• Lee-Rubio also replaces the standard deduction and personal exemption with a new tax credit (and eliminates the head of household filing status). TF states that this credit would be “fully refundable,” though the Lee-Rubio document itself doesn’t say one way or the other.  Let’s assume it is; if so, the new credit would benefit many low-income families.  Yet a substantial number of other low-income families would lose from this change, because the new credit would replace other current provisions that are worth more for them.  To return to the example family we used in our previous post, a mother with two children working full time at the minimum wage would lose $25 in 2018 from this change.  Some low-income workers would lose substantially more than this amount, while other low-income workers could get a significant boost from this change, assuming the credit is indeed fully refundable.
  • More importantly, Lee-Rubio would let a key provision of the current Child Tax Credit expire after 2017, causing millions of low-income working families to lose all or part of their credit.  The provision in question — under which the Child Tax Credit begins to phase in as family earnings rise above $3,000, rather than being unavailable until family earnings reach nearly $15,000 — is currently in effect through 2017; it needs to be made permanent. Ron Haskins, who as a senior Republican congressional staffer was a lead architect of the 1996 welfare law and later served as an adviser to President George W. Bush before joining the Brookings Institution, urged in recent congressional testimony that this provision be made permanent.  Haskins called it “an important part of the work-based safety net” and noted that if it’s allowed to expire after 2017, “working families with children will lose billions of dollars and a substantial amount of work incentive.”  He observed that this “is one policy that both encourages work and attacks inequality directly by boosting the income of low-income workers.”  Yet Lee-Rubio lets the provision end after 2017.

    If the provision expires, the full-time minimum-wage mother with two children whom we discussed above would lose her existing $1,725 CTC in 2018.  Many other low-income workers would lose under the plan as well.  Failing to extend the improvements in the CTC and EITC scheduled to expire at the end of 2017 would cast millions of people into or deeper into poverty.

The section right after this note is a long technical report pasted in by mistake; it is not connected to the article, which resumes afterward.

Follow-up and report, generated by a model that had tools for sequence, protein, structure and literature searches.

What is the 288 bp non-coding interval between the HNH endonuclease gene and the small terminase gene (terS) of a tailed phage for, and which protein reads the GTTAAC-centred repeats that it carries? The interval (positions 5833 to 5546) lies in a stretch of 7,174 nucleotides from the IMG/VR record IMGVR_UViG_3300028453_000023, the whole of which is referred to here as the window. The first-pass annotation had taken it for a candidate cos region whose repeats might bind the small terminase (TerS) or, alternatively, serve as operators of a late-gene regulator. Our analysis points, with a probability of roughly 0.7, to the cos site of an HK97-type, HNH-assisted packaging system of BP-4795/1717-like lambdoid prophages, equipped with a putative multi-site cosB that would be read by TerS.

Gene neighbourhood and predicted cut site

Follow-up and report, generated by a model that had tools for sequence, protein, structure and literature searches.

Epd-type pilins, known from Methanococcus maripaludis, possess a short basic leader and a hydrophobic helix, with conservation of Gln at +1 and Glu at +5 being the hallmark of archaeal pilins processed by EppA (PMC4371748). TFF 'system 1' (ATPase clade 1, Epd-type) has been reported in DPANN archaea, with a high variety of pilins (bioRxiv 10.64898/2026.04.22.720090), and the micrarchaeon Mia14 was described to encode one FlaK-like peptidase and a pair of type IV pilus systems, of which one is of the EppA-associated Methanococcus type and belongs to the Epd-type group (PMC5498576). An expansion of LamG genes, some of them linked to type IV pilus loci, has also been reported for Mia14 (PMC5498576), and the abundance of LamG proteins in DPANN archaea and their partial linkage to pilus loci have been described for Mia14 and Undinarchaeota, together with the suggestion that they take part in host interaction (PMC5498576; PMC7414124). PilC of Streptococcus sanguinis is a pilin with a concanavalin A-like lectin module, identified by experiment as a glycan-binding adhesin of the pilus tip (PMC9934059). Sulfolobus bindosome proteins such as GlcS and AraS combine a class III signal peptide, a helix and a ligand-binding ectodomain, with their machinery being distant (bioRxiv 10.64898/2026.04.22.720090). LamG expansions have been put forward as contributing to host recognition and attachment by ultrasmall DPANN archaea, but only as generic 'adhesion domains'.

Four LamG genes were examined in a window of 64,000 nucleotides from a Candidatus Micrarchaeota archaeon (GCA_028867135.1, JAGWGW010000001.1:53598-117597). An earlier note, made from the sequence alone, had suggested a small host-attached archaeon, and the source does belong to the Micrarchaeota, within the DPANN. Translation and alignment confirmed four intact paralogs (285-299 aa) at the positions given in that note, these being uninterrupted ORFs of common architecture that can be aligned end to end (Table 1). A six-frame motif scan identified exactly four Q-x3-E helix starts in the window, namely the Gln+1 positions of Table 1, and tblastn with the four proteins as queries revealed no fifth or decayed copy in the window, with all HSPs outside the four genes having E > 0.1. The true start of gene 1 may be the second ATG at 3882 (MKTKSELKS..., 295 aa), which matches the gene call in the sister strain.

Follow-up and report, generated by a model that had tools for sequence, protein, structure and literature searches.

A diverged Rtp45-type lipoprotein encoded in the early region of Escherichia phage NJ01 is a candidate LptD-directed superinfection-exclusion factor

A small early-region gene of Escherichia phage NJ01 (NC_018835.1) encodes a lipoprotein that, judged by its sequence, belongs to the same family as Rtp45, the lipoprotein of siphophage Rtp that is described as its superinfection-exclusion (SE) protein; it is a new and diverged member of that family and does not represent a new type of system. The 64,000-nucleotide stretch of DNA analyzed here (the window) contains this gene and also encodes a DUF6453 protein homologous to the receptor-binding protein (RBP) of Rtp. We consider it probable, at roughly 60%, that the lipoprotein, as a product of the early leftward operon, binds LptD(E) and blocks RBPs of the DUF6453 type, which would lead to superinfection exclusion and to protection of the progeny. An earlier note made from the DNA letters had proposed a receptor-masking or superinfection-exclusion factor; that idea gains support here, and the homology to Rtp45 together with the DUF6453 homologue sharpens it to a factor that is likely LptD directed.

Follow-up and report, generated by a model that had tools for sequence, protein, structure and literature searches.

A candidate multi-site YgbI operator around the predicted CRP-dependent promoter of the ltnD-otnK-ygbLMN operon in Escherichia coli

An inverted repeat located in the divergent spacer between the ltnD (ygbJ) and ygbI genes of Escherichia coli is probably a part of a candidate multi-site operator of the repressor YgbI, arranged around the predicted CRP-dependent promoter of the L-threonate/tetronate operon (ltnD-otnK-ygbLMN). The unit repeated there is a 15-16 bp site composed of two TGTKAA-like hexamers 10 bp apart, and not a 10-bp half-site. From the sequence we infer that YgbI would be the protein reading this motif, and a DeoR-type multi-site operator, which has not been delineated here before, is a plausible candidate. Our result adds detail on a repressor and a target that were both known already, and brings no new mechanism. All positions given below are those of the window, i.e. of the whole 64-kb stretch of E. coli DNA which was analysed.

Now let’s turn to the top end of the income scale.

Lee-Rubio cuts the top income tax rate to 35 percent and eliminates the alternative minimum tax, both of which represent large tax cuts that would heavily benefit high-income households.  Lee-Rubio also includes some tax increases on high-income filers by cutting back many deductions.  But both of these sets of changes were part of a tax plan that Senator Lee introduced in 2014 and the Tax Policy Center (TPC) analyzed.  TPC found that while the curtailment of deductions would, by itself, increase high-income households’ tax burdens, the net effect of the proposal overall would be a large tax cut for those at the top of the income scale.

Moreover, Lee-Rubio appears to tilt even more heavily to the top than last year’s Lee plan.  It does so by:  1) eliminating taxes on capital gains and dividends, which are highly concentrated at the top; 2) eliminating the estate tax; and 3) cutting corporate and business taxes.

By eliminating taxes on capital gains and dividends, the plan would make the single largest source of income for the wealthiest people in the country tax free.  By eliminating the estate tax, which now applies only to the estates of the wealthiest 0.15 percent of people who die, the plan would allow vast sums that the wealthiest Americans have amassed to be passed on to their heirs and heiresses tax free as well.

The plan also would cut the tax rate on domestic corporate profits to 25 percent, cut taxes on the partnership income of very high-income households from 39.6 percent to 25 percent, and cut corporate taxes on profits that U.S. companies earn overseas to zero.  The plan does cut back various corporate tax breaks.  But overall, it is likely to reduce corporate and business taxes significantly.  And since ownership of businesses and corporate stock is highly concentrated among high-income individuals, this would add to the tax cuts they receive.

As Howard Gleckman of the Tax Policy Center noted a few days ago, last year’s Lee plan would add $2.4 trillion to the debt over ten years and give almost one-third of its costly tax cuts to the top 1 percent of households.  Gleckman added that the new Lee-Rubio version of the plan “would surely be even more expensive.”

The bottom line is that those at the top would be the big winners even as many low-income working families lost ground.

Lee-Rubio Tax Plan: Huge New Windfall at the Top, Lost Child Credits at the Bottom